• Eg: If the perceived size of the Lithium reserves in J&K is borne out by further exploration, India could jump ahead of China in the global Li supply chain.
  • Support transition to net-zero carbon energy systems:
    • Critical minerals are essential for the global shift towards a low carbon emissions economy and achieving 'Net Zero' targets through renewable energy technologies. 
    • They are also crucial for India's goal of achieving 30% electric vehicle (EV) penetration in private cars, 70% in commercial vehicles, and 80% in two and three-wheelers by 2030, supporting the National Mission on Transformative Mobility and Storage.


  • Limited Domestic Reserves and Exploration: 
    • India, despite having a variety of mineral resources, often lacks substantial reserves in certain critical minerals. 
    • For example, minerals like lithium and cobalt, which are crucial for battery technology, are not abundantly available in India.
  • Lack of Advanced Technology and Processing Facilities:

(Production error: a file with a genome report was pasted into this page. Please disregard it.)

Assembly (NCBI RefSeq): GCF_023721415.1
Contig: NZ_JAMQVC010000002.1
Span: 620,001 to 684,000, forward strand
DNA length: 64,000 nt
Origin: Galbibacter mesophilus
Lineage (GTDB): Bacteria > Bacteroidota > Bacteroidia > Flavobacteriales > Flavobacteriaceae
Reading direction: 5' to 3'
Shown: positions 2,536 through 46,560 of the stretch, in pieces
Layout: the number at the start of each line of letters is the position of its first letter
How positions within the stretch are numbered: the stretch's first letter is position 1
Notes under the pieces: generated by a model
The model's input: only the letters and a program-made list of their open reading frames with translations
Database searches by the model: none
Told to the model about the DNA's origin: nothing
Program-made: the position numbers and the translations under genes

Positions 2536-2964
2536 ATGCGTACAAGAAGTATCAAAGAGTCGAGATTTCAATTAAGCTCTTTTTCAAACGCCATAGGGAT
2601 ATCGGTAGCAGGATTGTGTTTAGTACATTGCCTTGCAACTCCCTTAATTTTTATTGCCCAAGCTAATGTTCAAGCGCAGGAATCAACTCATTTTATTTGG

• Another challenge in India's mining and processing of critical minerals stems from a lack of advanced technology and processing facilities.
    • A prime example is the difficulty in processing rare earth minerals from monazite sands in Kerala and Tamil Nadu, where India struggles due to inadequate technological capabilities.
  • Dependence on Imports:
    • Due to the lack of substantial domestic reserves for many critical minerals, India relies heavily on imports. This dependence on foreign sources for critical raw materials makes the country vulnerable to supply chain disruptions, geopolitical tensions, and fluctuating international market prices.
    • For instance, China, which dominates the global rare earth market, is a major source for these imports, exposing India to geopolitical risks and market fluctuations.
  • Environmental and Social Issues:
    • Mining activities for critical minerals often lead to environmental and social issues.
    • For instance, the extraction of ilmenite, a mineral important for producing titanium, in Tamil Nadu has led to environmental degradation along the coastline. This includes beach erosion and damage to the coastal ecosystem, affecting the livelihoods of local fishing communities.

Government initiatives:

  • MMDR Act:
    • Through an amendment in the Mines and Minerals (Development and Regulation) Act (MMDR Act) in August 2023, 24 minerals were notified as critical and strategic minerals
  • National Mineral Policy: 
    • Updated in 2019, this policy also focuses on the exploration and exploitation of critical minerals, ensuring that India's mineral potential is tapped effectively.